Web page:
Relativity and Time

• ### Science Channel

1. The twin paradox is a thought experiment first posited by Albert Einstein. (Einstein used clocks for his paradox, while today people tend to use twins, with clocks.) First let's tell the story of the twins. Twin brothers Joe and Frank are very different people. Frank has been a vagabond his whole life and loves to travel. Joe is a homebody; he barely likes crossing into the next county over from his townhouse. Frank (by some miracle of storytelling) has the chance to fly the world's fastest spaceship out into the cosmos, leaving his twin brother behind.

Frank zooms out into space at close to the speed of light, but after five years traveling at that speed he decides he wants to come back to Earth, which is the only planet in the stars that has good pizza, for which he has an incredible craving. So he turns around and heads back to Earth, still traveling near the speed of light. When Frank gets home, he is astonished to find that while he has barely aged at all his brother Joe has aged considerably. They don't exactly look like twins anymore.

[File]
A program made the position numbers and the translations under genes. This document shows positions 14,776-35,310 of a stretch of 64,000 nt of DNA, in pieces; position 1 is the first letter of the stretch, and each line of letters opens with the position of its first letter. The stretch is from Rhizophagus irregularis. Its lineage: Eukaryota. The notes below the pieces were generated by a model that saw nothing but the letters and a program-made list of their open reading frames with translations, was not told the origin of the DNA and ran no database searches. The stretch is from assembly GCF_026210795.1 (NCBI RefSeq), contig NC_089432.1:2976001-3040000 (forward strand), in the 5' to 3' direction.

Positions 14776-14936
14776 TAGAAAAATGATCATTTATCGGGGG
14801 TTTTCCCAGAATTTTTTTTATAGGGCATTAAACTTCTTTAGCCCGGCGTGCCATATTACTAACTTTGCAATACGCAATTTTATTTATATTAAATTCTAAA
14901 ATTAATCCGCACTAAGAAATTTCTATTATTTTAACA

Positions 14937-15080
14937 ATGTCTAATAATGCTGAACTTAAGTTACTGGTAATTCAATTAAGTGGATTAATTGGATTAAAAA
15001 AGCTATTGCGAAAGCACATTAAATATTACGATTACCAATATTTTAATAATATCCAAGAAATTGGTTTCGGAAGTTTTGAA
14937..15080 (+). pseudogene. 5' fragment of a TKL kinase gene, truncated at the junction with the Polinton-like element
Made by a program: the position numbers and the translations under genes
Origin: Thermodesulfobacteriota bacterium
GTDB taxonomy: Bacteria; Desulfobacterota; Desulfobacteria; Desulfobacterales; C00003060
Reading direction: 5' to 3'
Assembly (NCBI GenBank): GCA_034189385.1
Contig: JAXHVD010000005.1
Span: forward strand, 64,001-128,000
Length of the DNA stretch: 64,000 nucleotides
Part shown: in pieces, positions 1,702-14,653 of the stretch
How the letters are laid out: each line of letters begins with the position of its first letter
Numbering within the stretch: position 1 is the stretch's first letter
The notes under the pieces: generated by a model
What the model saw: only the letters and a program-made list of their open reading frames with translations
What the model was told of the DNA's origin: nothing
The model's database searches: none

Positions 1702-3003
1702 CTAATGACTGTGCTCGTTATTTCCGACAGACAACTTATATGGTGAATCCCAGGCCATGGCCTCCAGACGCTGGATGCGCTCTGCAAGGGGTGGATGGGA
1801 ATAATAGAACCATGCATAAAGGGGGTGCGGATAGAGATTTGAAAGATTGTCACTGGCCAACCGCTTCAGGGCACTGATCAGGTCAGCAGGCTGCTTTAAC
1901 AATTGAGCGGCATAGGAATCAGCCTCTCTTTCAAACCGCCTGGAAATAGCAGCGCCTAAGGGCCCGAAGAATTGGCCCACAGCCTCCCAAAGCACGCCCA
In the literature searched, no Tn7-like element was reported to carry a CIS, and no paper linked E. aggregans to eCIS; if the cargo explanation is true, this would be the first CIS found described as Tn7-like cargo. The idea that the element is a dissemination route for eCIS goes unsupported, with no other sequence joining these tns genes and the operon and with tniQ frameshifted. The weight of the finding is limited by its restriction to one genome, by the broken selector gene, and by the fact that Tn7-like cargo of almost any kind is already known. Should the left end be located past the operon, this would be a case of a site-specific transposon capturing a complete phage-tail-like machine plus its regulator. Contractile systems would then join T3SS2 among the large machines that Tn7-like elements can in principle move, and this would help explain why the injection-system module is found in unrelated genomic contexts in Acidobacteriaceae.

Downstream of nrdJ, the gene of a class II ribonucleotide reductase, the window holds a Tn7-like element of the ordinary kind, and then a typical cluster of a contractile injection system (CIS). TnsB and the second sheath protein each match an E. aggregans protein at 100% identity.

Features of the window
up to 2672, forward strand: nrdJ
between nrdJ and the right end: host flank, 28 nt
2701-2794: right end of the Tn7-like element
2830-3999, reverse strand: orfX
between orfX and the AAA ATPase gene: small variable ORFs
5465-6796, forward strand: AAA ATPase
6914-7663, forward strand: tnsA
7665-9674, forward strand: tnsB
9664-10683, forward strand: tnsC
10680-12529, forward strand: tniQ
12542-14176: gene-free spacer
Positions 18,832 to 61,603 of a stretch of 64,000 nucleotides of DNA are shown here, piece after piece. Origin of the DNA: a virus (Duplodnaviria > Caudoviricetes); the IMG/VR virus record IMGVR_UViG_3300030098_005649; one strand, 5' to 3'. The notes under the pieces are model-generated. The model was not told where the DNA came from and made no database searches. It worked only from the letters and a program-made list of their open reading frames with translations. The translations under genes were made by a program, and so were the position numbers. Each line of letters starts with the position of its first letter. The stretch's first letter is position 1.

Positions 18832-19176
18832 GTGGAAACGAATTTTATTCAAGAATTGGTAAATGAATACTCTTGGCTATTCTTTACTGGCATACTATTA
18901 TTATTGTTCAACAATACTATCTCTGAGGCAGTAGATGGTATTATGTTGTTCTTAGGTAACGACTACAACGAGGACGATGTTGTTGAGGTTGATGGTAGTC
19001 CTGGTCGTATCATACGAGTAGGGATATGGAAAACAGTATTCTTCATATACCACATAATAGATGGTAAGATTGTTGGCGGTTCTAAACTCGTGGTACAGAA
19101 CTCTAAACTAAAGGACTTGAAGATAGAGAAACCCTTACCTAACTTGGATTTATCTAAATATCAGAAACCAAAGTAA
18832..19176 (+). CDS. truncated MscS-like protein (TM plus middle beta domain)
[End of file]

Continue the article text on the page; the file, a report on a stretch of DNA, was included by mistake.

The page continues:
So where, then, is the "paradox" in the twins paradox? It comes down to a matter of the perspective of each twin. The seeming paradox is that, from each twin's individual perspective, the other twin has a slower-moving clock, so each should be younger and older than the other on Frank's return, which isn't possible. Frank sees the Earth moving and he "sees" (well, in a theoretical sense) his brother's clock moving more slowly on Earth, making Frank think his clock is faster. Joe, watching his brother zoom away into outer space, sees Franks "clock" on the ship moving more slowly, making his, Joe's, clock seem to be the faster of the two. In the end, of course, it's not at all paradoxical. Frank and Joe's perspectives are, in fact, not the same. Frank is moving at near the speed of light, and Joe remains stationary on Earth. So the fact that Frank has barely aged upon return from his journey while Joe has aged considerably is to be expected: Einstein tells us that time passes more slowly the faster one moves through space. Frank, zipping along at the speed of light, had a slower-moving clock on his rocket ship than did his brother in his townhouse on Earth.

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